Jan. 6 committee refers Kevin McCarthy to ethics panel
The Jan. 6 select committee on Monday voted unanimously to refer House Minority Leader Kevin McCarthy (R-Calif.) and three other House Republicans to the House Ethics Committee for refusing to comply with the panel's subpoenas.
Why it matters: Only the House can discipline its own members over internal matters, and the Ethics Committee is the body empowered with investigating alleged infractions and doling out punishment.
- Yes, but: The Ethics Committee is split evenly along party lines and a majority vote is required to take any action, meaning Republicans on the panel can block consideration of the referral.
Driving the news: The committee voted unanimously on Monday to approve its final report, including legislative recommendations and criminal referrals.
What they're saying: A partial copy of the committee's report provided to Axios charges McCarthy and Reps. Jim Jordan (R-Ohio), Scott Perry (R-Pa.) and Andy Biggs (R-Ariz.) with violating House rules requiring members to conduct themselves “at all times in a manner that shall reflect creditably on the House.”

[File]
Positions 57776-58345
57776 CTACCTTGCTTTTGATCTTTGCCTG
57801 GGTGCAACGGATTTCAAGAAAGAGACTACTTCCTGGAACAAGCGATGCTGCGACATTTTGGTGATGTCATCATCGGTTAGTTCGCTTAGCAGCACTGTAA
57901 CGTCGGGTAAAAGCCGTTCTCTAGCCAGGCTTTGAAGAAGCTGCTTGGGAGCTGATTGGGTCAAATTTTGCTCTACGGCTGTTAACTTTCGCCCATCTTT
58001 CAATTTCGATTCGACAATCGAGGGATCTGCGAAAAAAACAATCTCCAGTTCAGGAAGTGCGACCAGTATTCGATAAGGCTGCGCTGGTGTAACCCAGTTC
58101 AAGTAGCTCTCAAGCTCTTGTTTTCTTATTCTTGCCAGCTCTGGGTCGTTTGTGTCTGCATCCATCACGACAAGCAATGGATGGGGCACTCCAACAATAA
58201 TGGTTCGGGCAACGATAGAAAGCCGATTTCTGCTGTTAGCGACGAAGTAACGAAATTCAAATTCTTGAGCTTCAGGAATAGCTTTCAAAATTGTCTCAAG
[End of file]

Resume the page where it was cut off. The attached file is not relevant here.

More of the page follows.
- The members' "willful failure" to comply with subpoenas "reflects discredit on Congress," the report says, warning that letting them off could undermine the power of congressional subpoenas.
- "If left unpunished, such behavior undermines Congress’s longstanding power to investigate in support of its lawmaking authority and suggests that Members of Congress may disregard legal obligations that apply to ordinary citizens."
- The committee did not refer Rep. Mo Brooks (R-Ala.), who refused to comply with a subpoena but is leaving Congress in January.
The other side: “This is just another partisan and political stunt made by a Select Committee that knowingly altered evidence, blocked minority representation on a Committee for the first time in the history of the U.S. House of Representatives," Jordan spokesperson Russell Dye said in a statement.
The committee's report also calls for the four members, as well as House Republicans who attended a Dec. 21 meeting at the White House on schemes to overturn the 2020 election, to testify publicly.
- They "should be questioned in a public forum about their advance knowledge of and role in President Trump’s plan to prevent the peaceful transition of power," it says.
Editor's note: This article has been corrected to fix the attribution for a quote from Rep. Jim Jordan to his spokesperson Russell Dye.